How most women are paying with health at their jobs

Women construction workers building a bungalow in Bengaluru. Women workers in the unorganised sector are usually the worst off when it comes to occupational diseases and hazards. Photos: Maitreyee Boruah

At 64, Sarojamma (who goes by her first name only), a resident of Arundathi Nagar slum in Bengaluru, is in dire need of a job. In her twilight years, Sarojamma, like her peers, wants to have a “stable, secure and peaceful retired life”.

But her “poor health and equally poor finances” have forced the former construction worker to look for a less-gruelling job. For a few years, she was working as a domestic help but lost her job during the pandemic. Recalling her days as a construction worker, Sarojamma, sitting at the porch of her one-room home, tells The Federal that “it was both a boon and a bane”.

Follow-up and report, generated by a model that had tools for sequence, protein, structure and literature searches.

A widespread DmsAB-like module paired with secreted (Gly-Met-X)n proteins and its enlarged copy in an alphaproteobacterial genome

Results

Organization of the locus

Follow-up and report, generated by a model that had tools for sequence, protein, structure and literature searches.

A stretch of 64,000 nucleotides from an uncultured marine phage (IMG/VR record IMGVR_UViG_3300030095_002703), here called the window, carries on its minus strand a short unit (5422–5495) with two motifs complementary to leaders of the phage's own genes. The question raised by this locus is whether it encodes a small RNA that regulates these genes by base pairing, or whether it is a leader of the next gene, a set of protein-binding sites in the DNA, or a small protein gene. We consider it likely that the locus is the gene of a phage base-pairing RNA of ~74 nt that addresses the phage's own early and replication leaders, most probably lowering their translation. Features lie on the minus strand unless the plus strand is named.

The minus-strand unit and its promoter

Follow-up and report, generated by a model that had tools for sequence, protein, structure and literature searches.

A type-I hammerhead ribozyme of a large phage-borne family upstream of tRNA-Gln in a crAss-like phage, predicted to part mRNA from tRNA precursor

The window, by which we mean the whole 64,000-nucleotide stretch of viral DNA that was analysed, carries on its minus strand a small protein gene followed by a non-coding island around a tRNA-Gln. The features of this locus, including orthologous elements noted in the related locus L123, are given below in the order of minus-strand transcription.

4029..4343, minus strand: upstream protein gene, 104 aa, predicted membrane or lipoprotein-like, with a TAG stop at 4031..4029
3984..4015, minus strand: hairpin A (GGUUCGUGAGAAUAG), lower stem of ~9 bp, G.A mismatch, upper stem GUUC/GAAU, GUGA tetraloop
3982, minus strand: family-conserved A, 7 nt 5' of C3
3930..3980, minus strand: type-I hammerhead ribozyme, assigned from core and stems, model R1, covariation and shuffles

“I worked at various construction sites across Bengaluru for almost three decades. I started working when I was 25 and worked till my mid-fifties. It was never an easy job, but money was good compared to other work.” The long hours of work — sometimes for months at a stretch without a break — left Sarojamma with “severe back pain”. Today, she walks with a stoop. “I was a brick-breaker and weight carrier. Most women, who worked with me developed back pain. Some are bedridden now.”

Sarojamma's husband at 74 depends on his wife for all his needs. The couple does not have any children. “I have no one to support me. I need a job. I know I am old and weak but I have no other option,” she says raising her hands towards the sky.

To continue reading this article...

You have to be a Premium Subscriber

Start your subscription with a free trial

Enjoy unlimited Eighth column, archives and games on and many more features.
You will also be supporting ethical and unbiased journalism.
plans start from Rs. 149